Take it away, Kristen Reuters​​

© Reuters. File picture: On June 17, 2021, the President of the European Central Bank, Christine Lagarde, adjusted her protective mask when she arrived at the Eurogroup Finance Ministers meeting held in the European Council of Luxembourg, Luxembourg. Francisco Seco/Pool via REU

(Reuters)-1/EYES LIKE A HAWK

The European Central Bank meeting will end on Thursday, and a large number of recent policy hawks’ comments indicate that the meeting will have a heated debate.

Eurozone inflation soared to a 10-year high of 3%. The market may be willing to ignore the noise surrounding price pressure, which is generally considered temporary, but the hard-line comments by officials in Germany, the Netherlands and Austria are disturbing reasons.

Economists believe that it is too early for the European Central Bank to announce emergency stimulus measures, but it may agree to slow down its bond purchases on Thursday. If the market interprets this move as a hawk, the euro and bond yields may rise. Christine Lagarde, President of the European Central Bank, faces communication challenges.

-Eurozone inflation soars to a 10-year high, causing headaches for the European Central Bank

2/ a tricky question

How serious is the latest round of inflation? Friday’s US August producer price index data may provide some clues, as inflationary pressures have weakened the Fed’s view that price increases may only be temporary. July showed the largest annual increase in more than a decade.

When the PPI rose sharply, the rapid economic recovery resulted in a mismatch between supply and demand, causing producers to face low inventories, rising commodity prices, the global container crisis and increasing labor costs.

Some people worry that the signal of continued rising inflation may prompt the Fed to withdraw easy money faster than expected. Federal Reserve Chairman Jerome Powell has repeatedly stated that the current inflation burst is temporary and assured the market that policymakers will take a prudent approach to reduce monthly bond purchases.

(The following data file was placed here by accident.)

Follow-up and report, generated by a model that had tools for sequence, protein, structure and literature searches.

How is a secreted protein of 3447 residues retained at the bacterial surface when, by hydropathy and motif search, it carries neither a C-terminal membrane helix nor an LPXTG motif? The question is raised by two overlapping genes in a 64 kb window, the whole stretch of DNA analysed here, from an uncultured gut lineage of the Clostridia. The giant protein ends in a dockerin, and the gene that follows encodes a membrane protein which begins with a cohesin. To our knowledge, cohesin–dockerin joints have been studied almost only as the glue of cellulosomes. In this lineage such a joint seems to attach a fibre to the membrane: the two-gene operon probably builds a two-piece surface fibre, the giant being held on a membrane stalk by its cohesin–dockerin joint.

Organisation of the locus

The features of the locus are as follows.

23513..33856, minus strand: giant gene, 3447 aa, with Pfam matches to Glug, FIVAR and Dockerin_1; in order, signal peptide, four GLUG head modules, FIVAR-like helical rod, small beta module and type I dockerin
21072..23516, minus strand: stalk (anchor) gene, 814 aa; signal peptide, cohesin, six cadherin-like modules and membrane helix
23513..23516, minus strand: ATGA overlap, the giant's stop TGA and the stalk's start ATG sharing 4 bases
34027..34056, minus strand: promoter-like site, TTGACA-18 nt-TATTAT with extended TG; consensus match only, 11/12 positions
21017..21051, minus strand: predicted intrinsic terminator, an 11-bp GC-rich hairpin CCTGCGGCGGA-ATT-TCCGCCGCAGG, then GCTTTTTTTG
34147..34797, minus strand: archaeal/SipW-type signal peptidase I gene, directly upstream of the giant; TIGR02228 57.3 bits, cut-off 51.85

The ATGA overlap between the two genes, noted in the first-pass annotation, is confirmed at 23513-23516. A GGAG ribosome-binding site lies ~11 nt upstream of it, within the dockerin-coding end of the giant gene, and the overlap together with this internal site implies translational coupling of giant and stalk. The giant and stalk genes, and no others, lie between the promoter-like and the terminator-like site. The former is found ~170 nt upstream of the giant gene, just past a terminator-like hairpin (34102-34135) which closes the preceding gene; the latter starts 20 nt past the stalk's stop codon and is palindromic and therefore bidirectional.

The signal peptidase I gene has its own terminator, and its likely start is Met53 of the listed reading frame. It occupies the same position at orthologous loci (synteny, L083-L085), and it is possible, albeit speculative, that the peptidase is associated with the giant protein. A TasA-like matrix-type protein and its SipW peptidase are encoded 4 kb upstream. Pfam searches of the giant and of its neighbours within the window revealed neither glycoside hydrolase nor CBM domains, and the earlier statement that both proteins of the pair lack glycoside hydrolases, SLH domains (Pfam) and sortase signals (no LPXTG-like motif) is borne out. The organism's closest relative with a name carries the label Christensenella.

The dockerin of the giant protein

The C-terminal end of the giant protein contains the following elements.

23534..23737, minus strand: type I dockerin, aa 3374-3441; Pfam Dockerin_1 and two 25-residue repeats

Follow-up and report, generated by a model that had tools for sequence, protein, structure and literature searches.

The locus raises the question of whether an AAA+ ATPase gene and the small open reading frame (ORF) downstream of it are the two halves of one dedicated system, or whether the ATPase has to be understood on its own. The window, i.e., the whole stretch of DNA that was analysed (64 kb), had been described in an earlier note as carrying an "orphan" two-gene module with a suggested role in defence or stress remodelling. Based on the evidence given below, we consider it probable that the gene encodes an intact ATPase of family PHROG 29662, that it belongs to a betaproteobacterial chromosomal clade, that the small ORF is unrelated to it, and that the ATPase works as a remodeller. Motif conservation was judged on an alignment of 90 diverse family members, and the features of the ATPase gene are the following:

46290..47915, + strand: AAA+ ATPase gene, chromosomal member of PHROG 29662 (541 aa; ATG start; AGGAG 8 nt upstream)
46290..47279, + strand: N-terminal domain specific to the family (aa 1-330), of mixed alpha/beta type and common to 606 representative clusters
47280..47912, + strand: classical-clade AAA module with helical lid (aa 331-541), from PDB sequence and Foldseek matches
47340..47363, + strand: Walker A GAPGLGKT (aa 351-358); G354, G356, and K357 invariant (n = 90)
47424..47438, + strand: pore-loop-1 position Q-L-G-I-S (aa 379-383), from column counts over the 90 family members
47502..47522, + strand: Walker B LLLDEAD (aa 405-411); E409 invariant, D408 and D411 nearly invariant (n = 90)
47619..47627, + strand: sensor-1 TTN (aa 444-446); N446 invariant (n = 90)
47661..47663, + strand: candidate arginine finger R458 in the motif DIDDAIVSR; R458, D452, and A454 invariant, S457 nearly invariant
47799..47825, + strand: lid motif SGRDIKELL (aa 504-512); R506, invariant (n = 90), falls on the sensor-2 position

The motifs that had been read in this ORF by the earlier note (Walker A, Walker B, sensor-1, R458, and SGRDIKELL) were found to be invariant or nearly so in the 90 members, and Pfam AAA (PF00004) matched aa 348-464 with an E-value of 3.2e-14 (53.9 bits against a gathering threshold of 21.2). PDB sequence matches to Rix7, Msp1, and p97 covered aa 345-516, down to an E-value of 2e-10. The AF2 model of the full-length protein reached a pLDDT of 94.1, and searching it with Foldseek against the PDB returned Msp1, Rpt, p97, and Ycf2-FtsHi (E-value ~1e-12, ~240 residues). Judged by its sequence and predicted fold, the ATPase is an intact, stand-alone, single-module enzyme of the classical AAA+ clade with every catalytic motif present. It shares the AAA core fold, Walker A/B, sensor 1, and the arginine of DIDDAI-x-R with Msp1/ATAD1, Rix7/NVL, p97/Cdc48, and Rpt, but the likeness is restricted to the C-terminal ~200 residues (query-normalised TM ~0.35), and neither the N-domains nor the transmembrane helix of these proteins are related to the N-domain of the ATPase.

-U.S. producer prices are at a high level for more than a decade; initial jobless claims have fallen

-Powell’s wait-and-see speech reassure some investors

3/Put Option of the People’s Bank of China

Although the Fed laid the foundation for downsizing, the loose comments eased the disappointment brought about by China’s poor economic data, and China’s recovery momentum has almost dried up.

Tuesday’s trade data may limit a series of weak releases, the most recent showing stagnant growth in manufacturing last month and contraction in the services sector — all of which are starting to stretch the strength of the yuan.

Economists, a rebound in the stock market and a rebound in the bond market indicate that policies will be relaxed before the end of the year, possibly by lowering bank deposit reserve ratios.

Policymakers in Beijing may need to pay special attention to real estate developers if they want to see growth and loan flows again after the debt that has plagued them and their lenders has been hit.

-GRAPHIC-China may speed up fiscal expenditures, but will not cut interest rates

4/ The only way is to get up! (most)

As inflation rises, the Fed, the European Central Bank, and the Bank of Japan may stand idly by, but developing economies will certainly not show as they will show again in the next few days.

Volatile emerging currencies can greatly amplify price increases, so the central bank needs to be vigilant. In Russia, where inflation is at a five-year high, interest rates on Friday are expected to rise for the fifth time this year.

Peru may raise interest rates by 50-75 basis points on Thursday, along with potential rate hikers Ukraine. Although Malaysia should remain calm that day, even the Eastern European monologue Poland may sound tougher on Wednesday.

-GRAPHIC-For most emerging market central banks, the only way out is to rise

5/ Politics and risk

The commemoration of the 9/11 attacks on the World Trade Center in New York two decades ago took place after the chaotic withdrawal of troops from Afghanistan. This raised concerns about new terrorist threats and brought numerous humanitarian and security challenges.

The latest events are a powerful reminder that political risks show little signs of abating, and that some major changes are underway, from changing the League of Nations to political repositioning.

Not everyone will be as violent as withdrawing from Afghanistan.

But the market is paying close attention to the growing political risks: the troubled Japanese Prime Minister Yoshihide Suga has just decided to resign; the Germans will vote in the election on September 26 because of Chancellor Angela Merkel (Angela Merkel) Resigning after 16 years in power, and Chile’s November vote may see the region’s pendulum move further to the left.

-The German Social Democratic Party expands conservatives ahead of Merkel



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